Winter break has been awesome so far.
- Hadassah (my eldest) and I made a postmodern gingerbread house (pictured above).
- In an act of the-only-person-in-the-family-without-the-flu heroism, I made off-brand frozen pizza for Christmas dinner.
Need I say more?
I’ve also taken some time to write, which is good, because I’m working on a new ebook called Never Finished.
(Pre-order it now while the price is only a five-spot.)
My top teaching-related lesson of break so far: teaching is work
I am nearly positive that, in Hell, there’s a book filled with quotes that sound wise but are actually horrifically not so.
One of those quotes has got to be this one; this is one of the most poisonous bits of non-wisdom in circulation today:
If you love what you do, you’ll never work a day in your life.
I am one of a million or so teachers who live as proof against that: we love teaching, yet it’s work, baby.
Waking up to that alarm on Monday, January 5, is going to be work. Doing the same thing January 6 and every day afterward will be more of the same.
Grading papers? Work.
Responding to emails? Work.
Calling parents? Work.
Planning lessons? Work.
Reading teaching literature? Why yes, Johnny, you’ve got it–it’s work!
I’m not trying to prove a point here; my bones and my brain prove the point when I come home after a day of teaching.
Sub-lesson 1: The fact that teaching is work isn’t something we need to justify
I used to dive headlong into arguments when someone would make the “summers off must be nice” comments. (Nods to father-in-law.) I’d do stuff like the comparing-my-hourly-wage-to-that-of-a-babysitter thing.
But I don’t ever do any kind of arguing in response to those comments now because just as it would be absurd to argue that construction workers don’t earn their living, it’s absurd to say that great teachers don’t.
I’m not saying all teachers work hard, just as my uncle in the concrete construction business won’t say that all cement guys work hard. Generalizations don’t work with individuals, let alone large groups.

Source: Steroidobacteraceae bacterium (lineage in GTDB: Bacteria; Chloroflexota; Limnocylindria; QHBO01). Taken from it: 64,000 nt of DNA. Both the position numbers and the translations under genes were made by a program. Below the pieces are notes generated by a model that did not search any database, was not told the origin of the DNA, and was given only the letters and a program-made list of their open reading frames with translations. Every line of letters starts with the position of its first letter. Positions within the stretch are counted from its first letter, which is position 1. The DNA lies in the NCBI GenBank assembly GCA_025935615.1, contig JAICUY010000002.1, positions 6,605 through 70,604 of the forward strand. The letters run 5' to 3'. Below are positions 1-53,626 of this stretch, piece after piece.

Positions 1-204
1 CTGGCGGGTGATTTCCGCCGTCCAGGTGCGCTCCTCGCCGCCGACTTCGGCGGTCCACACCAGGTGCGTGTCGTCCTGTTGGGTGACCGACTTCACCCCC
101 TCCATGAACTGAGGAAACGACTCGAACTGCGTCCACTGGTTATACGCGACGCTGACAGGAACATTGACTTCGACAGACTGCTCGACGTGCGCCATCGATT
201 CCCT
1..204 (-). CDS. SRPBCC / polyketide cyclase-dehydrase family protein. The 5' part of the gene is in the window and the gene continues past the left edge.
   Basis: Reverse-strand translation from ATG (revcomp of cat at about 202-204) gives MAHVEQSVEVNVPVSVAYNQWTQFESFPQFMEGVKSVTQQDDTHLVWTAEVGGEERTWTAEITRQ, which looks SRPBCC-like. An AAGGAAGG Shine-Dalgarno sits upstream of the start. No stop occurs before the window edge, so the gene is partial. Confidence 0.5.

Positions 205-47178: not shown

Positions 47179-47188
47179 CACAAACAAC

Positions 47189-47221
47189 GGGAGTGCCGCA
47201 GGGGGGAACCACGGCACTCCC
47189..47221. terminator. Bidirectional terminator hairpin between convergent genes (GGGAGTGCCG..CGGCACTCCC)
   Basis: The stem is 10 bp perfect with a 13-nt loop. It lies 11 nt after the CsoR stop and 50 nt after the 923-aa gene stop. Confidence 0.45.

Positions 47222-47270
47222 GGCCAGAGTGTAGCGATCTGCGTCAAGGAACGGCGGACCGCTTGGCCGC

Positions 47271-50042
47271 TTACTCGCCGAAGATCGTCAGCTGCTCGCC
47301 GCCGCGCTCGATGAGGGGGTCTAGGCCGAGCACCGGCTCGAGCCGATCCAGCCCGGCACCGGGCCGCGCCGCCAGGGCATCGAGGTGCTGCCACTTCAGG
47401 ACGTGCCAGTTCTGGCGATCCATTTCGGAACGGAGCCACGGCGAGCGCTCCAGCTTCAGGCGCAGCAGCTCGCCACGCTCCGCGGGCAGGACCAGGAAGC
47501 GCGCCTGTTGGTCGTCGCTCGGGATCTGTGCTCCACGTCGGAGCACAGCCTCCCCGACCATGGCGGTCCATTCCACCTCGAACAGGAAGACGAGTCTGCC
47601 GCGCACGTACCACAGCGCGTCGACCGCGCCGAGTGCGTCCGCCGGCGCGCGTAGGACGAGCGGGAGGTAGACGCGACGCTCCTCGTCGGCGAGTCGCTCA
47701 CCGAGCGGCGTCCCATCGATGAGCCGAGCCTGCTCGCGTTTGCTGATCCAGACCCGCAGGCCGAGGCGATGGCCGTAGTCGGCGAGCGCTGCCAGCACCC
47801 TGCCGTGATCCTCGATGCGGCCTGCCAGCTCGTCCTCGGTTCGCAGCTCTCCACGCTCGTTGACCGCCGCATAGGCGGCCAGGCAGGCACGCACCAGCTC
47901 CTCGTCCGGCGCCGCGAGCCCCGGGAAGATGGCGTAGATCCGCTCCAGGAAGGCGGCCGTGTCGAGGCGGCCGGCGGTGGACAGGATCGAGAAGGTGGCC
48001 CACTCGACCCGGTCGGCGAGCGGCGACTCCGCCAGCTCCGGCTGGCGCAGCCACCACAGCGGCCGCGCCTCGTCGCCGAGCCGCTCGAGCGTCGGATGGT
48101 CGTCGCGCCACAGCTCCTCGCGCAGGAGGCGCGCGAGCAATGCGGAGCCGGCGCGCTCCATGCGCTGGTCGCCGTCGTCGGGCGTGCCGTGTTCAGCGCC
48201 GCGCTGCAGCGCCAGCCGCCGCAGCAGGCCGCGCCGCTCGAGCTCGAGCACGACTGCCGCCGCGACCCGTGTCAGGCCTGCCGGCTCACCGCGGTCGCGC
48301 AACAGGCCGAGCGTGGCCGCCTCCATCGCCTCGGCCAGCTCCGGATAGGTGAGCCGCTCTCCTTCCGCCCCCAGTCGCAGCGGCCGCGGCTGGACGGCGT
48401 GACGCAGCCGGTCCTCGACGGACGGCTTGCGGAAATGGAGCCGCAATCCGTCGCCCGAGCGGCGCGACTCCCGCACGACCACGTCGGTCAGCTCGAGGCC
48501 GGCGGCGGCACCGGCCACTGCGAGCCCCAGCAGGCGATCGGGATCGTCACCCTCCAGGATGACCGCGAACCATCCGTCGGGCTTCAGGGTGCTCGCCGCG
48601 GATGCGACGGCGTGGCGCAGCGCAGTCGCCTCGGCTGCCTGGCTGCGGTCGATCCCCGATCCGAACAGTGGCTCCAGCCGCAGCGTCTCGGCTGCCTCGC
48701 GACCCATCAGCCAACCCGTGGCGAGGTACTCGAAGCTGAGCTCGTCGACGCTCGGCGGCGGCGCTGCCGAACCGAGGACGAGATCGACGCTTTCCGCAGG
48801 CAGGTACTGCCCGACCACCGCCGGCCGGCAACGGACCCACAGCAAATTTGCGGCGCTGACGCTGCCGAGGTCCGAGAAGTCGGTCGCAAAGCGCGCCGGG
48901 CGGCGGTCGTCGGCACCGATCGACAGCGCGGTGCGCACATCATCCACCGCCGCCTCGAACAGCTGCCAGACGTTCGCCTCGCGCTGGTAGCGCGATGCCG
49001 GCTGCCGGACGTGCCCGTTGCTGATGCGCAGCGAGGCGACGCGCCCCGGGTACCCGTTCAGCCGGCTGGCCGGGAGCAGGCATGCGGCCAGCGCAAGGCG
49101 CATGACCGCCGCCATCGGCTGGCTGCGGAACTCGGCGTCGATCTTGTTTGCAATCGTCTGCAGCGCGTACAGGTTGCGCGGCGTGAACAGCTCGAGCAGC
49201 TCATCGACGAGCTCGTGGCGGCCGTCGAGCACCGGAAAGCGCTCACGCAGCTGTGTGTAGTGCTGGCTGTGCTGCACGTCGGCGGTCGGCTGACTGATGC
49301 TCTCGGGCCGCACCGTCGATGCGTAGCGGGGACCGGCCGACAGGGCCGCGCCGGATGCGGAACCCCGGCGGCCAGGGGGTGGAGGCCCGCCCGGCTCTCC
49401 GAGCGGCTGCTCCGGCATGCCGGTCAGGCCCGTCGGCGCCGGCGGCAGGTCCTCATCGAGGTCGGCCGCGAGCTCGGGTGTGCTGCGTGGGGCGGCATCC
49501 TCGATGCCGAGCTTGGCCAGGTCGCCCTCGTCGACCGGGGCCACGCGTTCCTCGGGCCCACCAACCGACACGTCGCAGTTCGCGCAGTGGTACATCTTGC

I am saying that the vast majority of teachers do work hard.
And that needs to go without saying.
Sub-lesson 2: Workaholism is not smart
As a newbie teacher in Baltimore, I used to literally pride myself on being the first guy in the parking lot every morning and the last guy to leave at night.
Some people pride themselves on how well their lawns look; I prided myself on not knowing how my lawn looked because I never saw it in daylight.
Please hear this: I was incredibly lame.
Teaching is an excellent way to put bread on the table. I can think of no paid work I’d rather do, especially since I moonlight as a writer for teachers and get paid a bit to do that, too. But becoming a master teacher isn’t possible if you give yourself unlimited hours within which to master it for one simple reason: allowing yourself unlimited time to do the work of teaching makes you much slower at figuring out what the most important work of teaching is.
The solution? Set strict works hours for yourself. Mine are 7:00am to 5:20pm — and I don’t take work home.
(Ahem. Except for this article, I guess.)
Final takeaway: in 2015, I want to get better and saner as a teacher
Teaching is like swimming Lake Michigan. It’s awesome and it’s fresh, and sometimes it’s even warm(ish). But there’s also this deadly undertow that constantly pulls you into deadly places like Complacency and Burnout.
In 2015, I want to get better at being a teacher who day in and day out gets better. I want to write more about that here on the blog.
I also want to do the work of teaching with greater efficiency. So many of you have said that one of your greatest struggles in the job is time. I feel that. The time:workload ratio in this job is insane; I want to fight that.
Enough winter break lessons from me…
What have you been learning? What are you hoping to dominate in 2015?
Share in the comments section below.